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Oysters die off in Chesapeake Bay due to rainfall

ANNAPOLIS — As oyster growers prepare to harvest their maturing spat in the coming weeks, things are not looking good.

An unusually rainy fall lowered salinity levels in Pasadena creeks and rivers, apparently causing massive die-offs among young oysters planted as part of the state’s efforts to reinvigorate the oyster population of the Chesapeake Bay. In some areas all the spat planted were wiped out.

“It’s a very serious situation,” said Chris Judy, manager of the Marylanders Grow Oysters program. “We don’t want to see our oysters die. In in the four-year history of the program, this is the first time we’ve had such an event, so it was very unusual.”

Spat, larva that settles and begins to develop a shell, need water with a certain salinity — typically at least four parts-per-thousand. Heavy rains in late August and September made the water too fresh for many spat to survive.

Under the program, the Department of Natural Resources in September gave participants spat and cages to hang from their piers, in which larval oysters were supposed to grow. The plan was to recover the oysters next month and place them on reefs, where they would filter local waterways.

But things didn’t go as planned.

Growers in Rock Creek experienced what appears to be a nearly 100 percent mortality rate, coordinator Chris Wallis said. All of the oysters in Stoney Creek died, said Mario Ricci, the program coordinator for that area.

In the Magothy River, growers are seeing 90 percent mortality rates or worse, volunteer coordinator Carl Treff said. Exact numbers for Bodkin Creek aren’t available yet, but cages have produced very few spat.

Mortality rates for the program typically range between 30 percent and 40 percent.

For Judy, the die-offs were discouraging. But they couldn’t be helped, he said.

Hurricane Irene dropped heavy rain on Maryland in late August and Tropical Storm Lee added more rain shortly thereafter. Coupled with the opening of the Conowingo Dam, a mass of fresh water flowed into waterways north of the Bay Bridge.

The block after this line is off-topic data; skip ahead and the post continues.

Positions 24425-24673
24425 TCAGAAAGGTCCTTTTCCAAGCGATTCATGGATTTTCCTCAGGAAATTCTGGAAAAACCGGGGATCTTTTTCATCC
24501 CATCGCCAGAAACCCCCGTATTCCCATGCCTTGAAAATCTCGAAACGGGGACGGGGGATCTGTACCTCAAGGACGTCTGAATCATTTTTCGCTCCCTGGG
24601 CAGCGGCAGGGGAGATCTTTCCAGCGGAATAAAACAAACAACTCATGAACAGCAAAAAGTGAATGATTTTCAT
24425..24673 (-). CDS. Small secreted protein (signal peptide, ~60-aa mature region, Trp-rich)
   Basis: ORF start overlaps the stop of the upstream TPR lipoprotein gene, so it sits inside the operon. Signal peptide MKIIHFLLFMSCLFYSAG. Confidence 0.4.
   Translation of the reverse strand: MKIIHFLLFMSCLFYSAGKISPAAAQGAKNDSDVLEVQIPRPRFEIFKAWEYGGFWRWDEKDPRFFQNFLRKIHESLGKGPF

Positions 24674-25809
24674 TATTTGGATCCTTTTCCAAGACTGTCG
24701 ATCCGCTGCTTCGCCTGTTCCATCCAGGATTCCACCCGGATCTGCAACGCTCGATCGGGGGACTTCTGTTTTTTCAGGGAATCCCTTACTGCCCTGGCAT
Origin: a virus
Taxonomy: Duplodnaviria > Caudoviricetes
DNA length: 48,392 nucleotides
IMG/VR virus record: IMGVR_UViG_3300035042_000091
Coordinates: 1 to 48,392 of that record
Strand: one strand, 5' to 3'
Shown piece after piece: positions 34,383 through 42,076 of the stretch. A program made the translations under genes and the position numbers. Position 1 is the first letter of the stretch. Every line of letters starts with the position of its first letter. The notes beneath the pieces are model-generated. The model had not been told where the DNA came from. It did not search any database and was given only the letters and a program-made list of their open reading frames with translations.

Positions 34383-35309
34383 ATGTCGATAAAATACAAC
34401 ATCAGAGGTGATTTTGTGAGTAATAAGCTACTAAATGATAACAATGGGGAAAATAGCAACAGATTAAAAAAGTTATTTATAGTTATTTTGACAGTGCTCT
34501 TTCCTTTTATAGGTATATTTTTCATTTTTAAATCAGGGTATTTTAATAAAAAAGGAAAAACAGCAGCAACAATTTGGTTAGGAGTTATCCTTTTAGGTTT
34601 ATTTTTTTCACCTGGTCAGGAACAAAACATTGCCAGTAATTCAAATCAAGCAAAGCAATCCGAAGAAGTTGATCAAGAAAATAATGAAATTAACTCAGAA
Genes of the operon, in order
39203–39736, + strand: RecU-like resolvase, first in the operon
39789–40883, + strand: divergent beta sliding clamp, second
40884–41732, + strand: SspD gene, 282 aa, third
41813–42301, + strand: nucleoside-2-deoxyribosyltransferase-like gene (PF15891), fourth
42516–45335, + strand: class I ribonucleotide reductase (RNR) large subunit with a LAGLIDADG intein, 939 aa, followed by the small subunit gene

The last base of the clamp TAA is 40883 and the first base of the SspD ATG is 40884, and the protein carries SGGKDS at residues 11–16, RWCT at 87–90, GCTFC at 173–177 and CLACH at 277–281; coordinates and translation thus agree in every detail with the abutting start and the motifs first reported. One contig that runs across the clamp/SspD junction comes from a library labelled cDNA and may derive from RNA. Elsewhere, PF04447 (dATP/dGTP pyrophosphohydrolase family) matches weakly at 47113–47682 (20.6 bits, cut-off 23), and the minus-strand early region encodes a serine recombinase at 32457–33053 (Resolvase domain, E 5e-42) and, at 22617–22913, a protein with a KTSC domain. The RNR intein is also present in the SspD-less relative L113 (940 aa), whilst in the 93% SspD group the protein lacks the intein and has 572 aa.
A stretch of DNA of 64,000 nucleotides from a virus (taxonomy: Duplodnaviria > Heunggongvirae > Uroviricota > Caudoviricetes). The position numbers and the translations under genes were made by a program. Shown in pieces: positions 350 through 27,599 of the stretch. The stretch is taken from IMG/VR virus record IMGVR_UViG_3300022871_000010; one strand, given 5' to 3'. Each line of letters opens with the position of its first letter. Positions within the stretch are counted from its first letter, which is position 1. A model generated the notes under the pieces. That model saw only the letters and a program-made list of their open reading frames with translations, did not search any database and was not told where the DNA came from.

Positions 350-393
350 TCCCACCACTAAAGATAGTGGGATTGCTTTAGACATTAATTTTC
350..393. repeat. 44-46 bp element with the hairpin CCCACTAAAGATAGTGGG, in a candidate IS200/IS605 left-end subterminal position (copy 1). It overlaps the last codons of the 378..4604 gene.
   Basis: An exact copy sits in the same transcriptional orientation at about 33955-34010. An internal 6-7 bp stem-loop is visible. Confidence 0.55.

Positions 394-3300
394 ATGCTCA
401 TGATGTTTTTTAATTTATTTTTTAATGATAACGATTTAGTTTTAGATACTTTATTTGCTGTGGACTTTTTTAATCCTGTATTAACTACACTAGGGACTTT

Oysters typically need salinity rates above four parts-per-thousand to survive, though six parts-per-thousand or higher is optimal, Judy said. Readings in the Magothy River in late fall revealed salinity rates at or below four parts-per-thousand.

“Mother nature really put the nail in the coffin,” Treff said.

Cages are built using prison labor and the spat are taken from a University of Maryland hatchery on the Eastern Shore.

The initial cost to the state is about $30 per cage, including materials, labor and spat, Judy said. Cages last about 10 years.

The cages and spat are given to participants for free, on the condition the oysters will be taken to reefs after they have grown.

There were 600 cages placed in the Magothy River last fall, Treff said. Ninety cages were placed in Rock Creek, Wallis said. Stoney Creek had 20 cages and a total for Bodkin Creek wasn’t available, though eight are hanging from a marina at Bodkin Point.

For people who participate in the program, the duties are simple.

Cages must be kept in 4 feet of water or hung from docks or piers. Caretakers must provide occasional maintenance on the cages to shake sand and sediment off the oysters. Oysters also must deal with predators, such as worms and crabs.

Despite the high mortality of oyster spat, oysters on reefs in the Magothy survived “surprisingly well,” said Paul Spadaro, president of the Magothy River Association. An Earth Day dive revealed a relatively healthy population and several “very large” oysters on existing reefs, he said.

“We were thinking of the worst, but I was pleasantly surprised that the oysters we recovered in April were doing surprisingly well and surviving,” Spadaro said. “I thought 90 percent would have died, but they hadn’t. The oysters were continuing to grow and survive in the river, which is what we need.”

A fully grown oyster can filter up to 50 gallons of water a day.

Many participating in the spat program are looking forward to giving it another shot this fall. The state has no plans to cancel the program in any of the four Pasadena waterways that participated this year, Judy said.

“There’s still a lot of interest within Stoney Creek,” Ricci said. “Everybody I talked to said they would like to do it again. We had back luck this year, but it has been a great learning experience. I think we’ll have better luck this year.”